Tass reported, citing an unnamed security official, that two villages in the Bryansk region — Sushany and Lyubechane — were under attack by “several dozen armed fighters.”

Alexander Bogomaz, the governor of the Bryansk region, which borders Ukraine, said the group fired on a vehicle in Lyubechane, killing one man and wounding a child. He also said that a Ukrainian drone struck a house in the Sushany, setting it ablaze.

On Tuesday, drones that the Kremlin said were launched by Ukraine flew deep inside Russian territory, including one that got within 100 kilometers (60 miles) of Moscow.

Ukraine’s military intelligence representative, Andrii Cherniak, saw the Russian claims as evidence that it is facing what Kyiv alleges is an uprising among its own disgruntled people.

“This was done by the Russians, Ukraine has nothing to do with it,” he told The Associated Press.

Cherniak noted that a group calling itself the Russian Volunteer Corps had claimed responsibility for the attack in a video where they urge Russians to rebel.

The Russian Volunteer Corps describes itself as “a volunteer formation in the Armed Forces of Ukraine.” Little is known about the group and it’s not immediately clear if the group indeed has any ties with the Ukrainian military. Nor was it clear from the Corps statement what action it took and what specific objectives it wanted to achieve.

In Ukraine on Thursday, three people were killed and six others were wounded when a Russian missile hit a five-story apartment building in a southeastern city.

Ukrainian President Volodymyr Zelenskyy said that several floors of the building were destroyed in the strike, which occurred while it was still dark.

The State Emergency Service said in an online statement that it had rescued 11 people so far.

Zaporizhzhia is a large city that had a population of more than 700,000 before Russia’s full-scale invasion of its neighbor just over a year ago. It’s the administrative capital of the partially occupied Zaporizhzhia region, which is home to Europe’s largest nuclear plant.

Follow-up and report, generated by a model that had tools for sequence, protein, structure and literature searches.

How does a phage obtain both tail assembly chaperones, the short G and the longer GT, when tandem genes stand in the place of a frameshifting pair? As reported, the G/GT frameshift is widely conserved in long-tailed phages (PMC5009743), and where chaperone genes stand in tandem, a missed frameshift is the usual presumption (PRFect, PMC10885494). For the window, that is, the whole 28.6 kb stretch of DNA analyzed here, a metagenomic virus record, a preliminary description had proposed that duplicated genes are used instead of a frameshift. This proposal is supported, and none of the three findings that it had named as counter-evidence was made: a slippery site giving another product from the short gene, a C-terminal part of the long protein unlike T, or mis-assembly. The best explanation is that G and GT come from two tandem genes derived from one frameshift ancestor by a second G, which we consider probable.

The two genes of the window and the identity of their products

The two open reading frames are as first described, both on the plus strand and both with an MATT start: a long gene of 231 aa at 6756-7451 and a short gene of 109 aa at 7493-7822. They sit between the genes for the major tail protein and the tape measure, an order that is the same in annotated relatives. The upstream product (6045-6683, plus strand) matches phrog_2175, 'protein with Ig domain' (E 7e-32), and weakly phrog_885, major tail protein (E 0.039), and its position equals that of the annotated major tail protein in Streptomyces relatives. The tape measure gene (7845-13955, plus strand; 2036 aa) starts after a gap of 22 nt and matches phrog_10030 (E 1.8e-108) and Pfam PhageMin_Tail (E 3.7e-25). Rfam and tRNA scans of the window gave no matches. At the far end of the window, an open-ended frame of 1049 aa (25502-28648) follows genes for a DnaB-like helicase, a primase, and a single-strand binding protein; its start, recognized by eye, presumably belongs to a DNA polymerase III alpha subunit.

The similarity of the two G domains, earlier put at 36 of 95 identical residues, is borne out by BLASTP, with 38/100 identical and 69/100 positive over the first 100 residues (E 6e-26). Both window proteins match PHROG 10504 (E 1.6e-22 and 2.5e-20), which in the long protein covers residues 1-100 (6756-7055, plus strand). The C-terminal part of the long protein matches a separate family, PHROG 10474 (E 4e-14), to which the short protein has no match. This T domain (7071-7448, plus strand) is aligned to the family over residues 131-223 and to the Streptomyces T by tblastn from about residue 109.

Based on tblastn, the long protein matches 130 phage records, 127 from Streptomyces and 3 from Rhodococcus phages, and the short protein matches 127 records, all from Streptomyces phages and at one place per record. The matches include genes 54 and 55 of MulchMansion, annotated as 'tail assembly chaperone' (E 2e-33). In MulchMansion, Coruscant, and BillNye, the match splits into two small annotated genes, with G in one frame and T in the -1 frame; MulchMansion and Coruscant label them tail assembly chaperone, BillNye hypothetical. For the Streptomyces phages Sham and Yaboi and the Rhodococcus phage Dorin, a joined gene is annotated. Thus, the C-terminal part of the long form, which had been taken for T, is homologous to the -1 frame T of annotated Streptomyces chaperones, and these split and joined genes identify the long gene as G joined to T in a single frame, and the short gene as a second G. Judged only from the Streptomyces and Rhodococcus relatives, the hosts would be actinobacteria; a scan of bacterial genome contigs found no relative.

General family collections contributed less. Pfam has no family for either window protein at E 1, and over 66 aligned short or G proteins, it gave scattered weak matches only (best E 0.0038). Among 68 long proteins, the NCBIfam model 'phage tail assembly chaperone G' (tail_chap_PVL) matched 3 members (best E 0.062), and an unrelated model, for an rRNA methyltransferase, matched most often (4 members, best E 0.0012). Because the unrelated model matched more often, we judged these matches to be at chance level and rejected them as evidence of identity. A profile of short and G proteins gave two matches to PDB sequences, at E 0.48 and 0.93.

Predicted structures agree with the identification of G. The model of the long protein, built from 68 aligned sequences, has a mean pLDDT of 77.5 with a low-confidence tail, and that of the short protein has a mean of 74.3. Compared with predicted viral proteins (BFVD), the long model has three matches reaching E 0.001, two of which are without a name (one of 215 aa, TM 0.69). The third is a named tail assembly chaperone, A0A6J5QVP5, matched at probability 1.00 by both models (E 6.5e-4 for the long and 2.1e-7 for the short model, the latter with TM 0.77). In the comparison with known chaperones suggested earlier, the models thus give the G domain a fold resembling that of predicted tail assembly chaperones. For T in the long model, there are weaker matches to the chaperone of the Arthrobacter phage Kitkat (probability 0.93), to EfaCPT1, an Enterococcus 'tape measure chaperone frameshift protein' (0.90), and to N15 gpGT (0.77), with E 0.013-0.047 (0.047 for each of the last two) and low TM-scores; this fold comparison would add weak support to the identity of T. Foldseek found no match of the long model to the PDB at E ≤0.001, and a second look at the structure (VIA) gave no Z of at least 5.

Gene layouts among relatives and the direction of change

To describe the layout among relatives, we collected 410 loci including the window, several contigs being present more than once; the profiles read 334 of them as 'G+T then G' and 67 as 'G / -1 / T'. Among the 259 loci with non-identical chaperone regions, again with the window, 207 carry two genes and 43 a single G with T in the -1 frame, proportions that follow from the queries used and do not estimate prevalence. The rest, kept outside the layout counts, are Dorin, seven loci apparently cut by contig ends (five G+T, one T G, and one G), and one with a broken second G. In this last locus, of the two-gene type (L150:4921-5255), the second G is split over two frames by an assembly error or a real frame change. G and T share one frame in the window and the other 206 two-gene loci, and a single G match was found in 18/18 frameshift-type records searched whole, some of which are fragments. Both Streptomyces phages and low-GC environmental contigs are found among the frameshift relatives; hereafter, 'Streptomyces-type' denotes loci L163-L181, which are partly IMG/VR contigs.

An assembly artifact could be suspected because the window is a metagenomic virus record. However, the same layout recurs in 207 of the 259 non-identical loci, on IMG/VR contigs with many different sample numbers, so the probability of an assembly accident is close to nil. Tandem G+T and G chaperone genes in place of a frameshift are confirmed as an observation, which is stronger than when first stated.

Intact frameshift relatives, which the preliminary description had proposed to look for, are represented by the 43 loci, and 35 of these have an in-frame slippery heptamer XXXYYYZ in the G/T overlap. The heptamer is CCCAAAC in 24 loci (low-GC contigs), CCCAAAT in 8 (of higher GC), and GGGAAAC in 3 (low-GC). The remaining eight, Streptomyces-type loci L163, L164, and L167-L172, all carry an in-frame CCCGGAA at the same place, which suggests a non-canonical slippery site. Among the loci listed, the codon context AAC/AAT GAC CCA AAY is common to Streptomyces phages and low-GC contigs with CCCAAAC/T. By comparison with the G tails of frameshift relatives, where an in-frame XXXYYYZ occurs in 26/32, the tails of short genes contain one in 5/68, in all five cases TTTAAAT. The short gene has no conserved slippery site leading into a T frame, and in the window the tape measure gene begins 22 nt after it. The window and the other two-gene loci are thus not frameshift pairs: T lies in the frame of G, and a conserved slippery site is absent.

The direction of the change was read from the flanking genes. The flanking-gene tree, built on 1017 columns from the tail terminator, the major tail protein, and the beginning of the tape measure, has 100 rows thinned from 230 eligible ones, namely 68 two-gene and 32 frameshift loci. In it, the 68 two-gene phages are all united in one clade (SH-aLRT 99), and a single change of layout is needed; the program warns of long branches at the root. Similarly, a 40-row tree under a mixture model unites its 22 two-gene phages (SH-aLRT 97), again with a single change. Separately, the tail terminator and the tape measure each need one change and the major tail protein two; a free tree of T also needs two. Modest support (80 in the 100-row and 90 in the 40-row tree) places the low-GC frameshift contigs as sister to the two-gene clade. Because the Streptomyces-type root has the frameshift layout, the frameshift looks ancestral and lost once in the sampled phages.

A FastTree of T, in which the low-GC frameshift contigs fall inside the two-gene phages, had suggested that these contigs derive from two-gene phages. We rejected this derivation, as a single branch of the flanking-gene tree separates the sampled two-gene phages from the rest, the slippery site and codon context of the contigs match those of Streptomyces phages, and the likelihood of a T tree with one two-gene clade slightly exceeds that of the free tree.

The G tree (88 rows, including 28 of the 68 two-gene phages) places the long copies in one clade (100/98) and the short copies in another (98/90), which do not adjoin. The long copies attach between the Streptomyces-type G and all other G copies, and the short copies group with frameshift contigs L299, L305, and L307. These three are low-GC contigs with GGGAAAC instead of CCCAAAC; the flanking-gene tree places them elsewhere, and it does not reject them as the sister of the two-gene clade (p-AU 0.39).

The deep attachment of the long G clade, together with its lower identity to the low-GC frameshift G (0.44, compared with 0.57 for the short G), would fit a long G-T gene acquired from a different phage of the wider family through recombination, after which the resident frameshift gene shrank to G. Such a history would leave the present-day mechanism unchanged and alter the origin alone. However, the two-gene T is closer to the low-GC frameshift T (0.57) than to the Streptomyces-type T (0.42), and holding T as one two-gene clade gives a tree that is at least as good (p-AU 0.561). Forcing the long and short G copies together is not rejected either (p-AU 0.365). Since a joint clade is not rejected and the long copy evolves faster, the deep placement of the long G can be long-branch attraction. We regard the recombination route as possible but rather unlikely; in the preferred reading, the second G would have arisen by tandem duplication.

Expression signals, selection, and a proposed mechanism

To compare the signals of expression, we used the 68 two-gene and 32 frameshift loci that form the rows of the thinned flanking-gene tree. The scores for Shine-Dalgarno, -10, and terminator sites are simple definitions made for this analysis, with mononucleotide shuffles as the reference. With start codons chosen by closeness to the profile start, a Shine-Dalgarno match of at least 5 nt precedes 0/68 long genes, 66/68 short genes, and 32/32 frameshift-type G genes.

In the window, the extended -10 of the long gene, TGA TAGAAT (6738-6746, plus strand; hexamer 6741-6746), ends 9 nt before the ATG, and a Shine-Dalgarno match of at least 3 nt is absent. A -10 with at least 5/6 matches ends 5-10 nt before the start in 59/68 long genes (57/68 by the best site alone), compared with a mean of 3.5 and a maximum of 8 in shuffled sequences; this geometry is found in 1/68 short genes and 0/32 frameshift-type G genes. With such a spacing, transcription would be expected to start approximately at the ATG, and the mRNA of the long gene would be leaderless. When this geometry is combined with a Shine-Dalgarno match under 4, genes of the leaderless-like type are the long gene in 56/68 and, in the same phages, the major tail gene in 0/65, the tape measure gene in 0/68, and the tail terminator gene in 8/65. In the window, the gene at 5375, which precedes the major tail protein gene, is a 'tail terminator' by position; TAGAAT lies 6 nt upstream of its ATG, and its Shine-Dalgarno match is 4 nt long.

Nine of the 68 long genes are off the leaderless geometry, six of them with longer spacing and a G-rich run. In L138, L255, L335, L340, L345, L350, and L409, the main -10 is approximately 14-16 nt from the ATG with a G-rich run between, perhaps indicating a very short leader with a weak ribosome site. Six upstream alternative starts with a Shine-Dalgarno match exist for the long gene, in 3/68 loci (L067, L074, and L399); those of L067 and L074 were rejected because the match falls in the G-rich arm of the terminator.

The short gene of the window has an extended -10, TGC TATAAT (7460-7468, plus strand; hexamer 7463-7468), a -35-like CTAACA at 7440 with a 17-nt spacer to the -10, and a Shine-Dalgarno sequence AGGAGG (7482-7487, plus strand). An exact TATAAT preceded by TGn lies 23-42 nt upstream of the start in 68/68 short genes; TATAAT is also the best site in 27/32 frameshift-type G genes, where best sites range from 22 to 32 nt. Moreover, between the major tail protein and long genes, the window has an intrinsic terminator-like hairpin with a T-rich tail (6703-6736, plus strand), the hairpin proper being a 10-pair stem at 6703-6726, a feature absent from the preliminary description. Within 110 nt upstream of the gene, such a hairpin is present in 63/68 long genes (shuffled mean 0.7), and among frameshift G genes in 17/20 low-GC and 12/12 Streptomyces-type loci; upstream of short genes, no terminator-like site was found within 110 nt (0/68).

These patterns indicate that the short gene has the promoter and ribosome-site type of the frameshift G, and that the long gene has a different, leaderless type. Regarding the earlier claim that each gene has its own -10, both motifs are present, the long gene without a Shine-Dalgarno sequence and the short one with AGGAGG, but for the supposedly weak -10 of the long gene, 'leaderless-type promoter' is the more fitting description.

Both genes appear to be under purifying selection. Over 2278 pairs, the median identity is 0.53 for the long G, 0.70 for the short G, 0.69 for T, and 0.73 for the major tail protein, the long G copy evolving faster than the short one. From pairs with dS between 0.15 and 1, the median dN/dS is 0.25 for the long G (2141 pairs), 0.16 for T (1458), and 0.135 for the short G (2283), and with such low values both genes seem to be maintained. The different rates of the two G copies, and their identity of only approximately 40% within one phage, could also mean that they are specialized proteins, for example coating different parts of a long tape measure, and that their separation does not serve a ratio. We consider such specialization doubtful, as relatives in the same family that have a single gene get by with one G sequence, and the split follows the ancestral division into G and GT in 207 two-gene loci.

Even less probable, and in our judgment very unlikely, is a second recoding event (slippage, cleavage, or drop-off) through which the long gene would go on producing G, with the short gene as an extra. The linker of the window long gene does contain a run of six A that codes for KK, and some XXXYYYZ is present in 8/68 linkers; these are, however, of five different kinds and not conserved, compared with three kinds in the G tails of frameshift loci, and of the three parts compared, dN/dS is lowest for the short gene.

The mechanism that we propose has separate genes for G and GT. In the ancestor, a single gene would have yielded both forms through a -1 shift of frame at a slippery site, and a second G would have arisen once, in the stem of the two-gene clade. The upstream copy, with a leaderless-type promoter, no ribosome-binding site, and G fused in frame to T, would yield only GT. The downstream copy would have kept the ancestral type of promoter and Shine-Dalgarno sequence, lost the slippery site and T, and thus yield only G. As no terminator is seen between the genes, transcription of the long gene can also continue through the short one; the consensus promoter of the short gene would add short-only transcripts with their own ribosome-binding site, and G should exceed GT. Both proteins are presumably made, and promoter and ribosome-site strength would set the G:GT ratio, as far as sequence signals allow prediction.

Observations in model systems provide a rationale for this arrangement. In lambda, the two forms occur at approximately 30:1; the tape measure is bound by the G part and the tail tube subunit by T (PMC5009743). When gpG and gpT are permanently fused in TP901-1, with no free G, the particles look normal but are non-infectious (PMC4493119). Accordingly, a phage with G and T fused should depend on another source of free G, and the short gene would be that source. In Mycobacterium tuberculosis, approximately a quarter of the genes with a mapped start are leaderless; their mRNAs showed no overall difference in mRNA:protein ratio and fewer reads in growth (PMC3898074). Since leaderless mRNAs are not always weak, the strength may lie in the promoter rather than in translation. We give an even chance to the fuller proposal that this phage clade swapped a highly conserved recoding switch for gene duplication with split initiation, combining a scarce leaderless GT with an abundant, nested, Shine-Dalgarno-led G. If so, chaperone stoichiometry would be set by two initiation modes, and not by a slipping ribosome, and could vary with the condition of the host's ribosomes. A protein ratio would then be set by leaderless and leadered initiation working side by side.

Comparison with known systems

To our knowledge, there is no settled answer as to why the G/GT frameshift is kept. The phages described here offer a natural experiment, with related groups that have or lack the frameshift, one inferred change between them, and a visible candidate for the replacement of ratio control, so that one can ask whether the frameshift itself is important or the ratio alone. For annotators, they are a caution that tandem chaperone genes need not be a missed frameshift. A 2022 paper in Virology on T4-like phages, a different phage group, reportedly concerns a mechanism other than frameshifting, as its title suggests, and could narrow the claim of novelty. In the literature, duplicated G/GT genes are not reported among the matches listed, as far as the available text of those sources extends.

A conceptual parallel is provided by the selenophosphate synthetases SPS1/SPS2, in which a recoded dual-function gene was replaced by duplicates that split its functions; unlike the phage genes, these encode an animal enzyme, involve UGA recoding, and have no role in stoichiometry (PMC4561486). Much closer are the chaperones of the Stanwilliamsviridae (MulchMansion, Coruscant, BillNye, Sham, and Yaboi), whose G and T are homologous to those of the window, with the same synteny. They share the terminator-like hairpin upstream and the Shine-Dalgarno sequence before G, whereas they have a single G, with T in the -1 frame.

Russian artillery, drones and missiles have pounded Ukrainian-held areas in the country’s south and east for months. Moscow denies aiming at civilian targets, but its indiscriminate shelling has wrought wide destruction in urban centers.

The war largely slowed to a grinding stalemate during the winter months.

Zelenskyy said Russia “wants to turn every day for our people into a day of terror.” He added: “But evil will not reign in our land.”

Meanwhile, a fierce battle continued for control of Bakhmut, a key eastern stronghold where Ukrainian officials say they might strategically withdraw.

Ukraine’s General Staff reported that the Russian forces “continue to advance and storm the city,” but Kyiv’s troops repelled some of the attacks on the ruined city.

Donetsk regional Gov. Pavlo Kyrylenko reported that one person was wounded in Bakhmut on Thursday morning.

Bakhmut was among cities and villages in the Donetsk region that came under Russian shelling, according to the General Staff update.

Taking the city wouldn’t only give the Russian forces a rare battlefield gain after months of setbacks, but it might rupture Ukraine’s supply lines and allow the Kremlin’s forces to press toward other Ukrainian strongholds in Donetsk.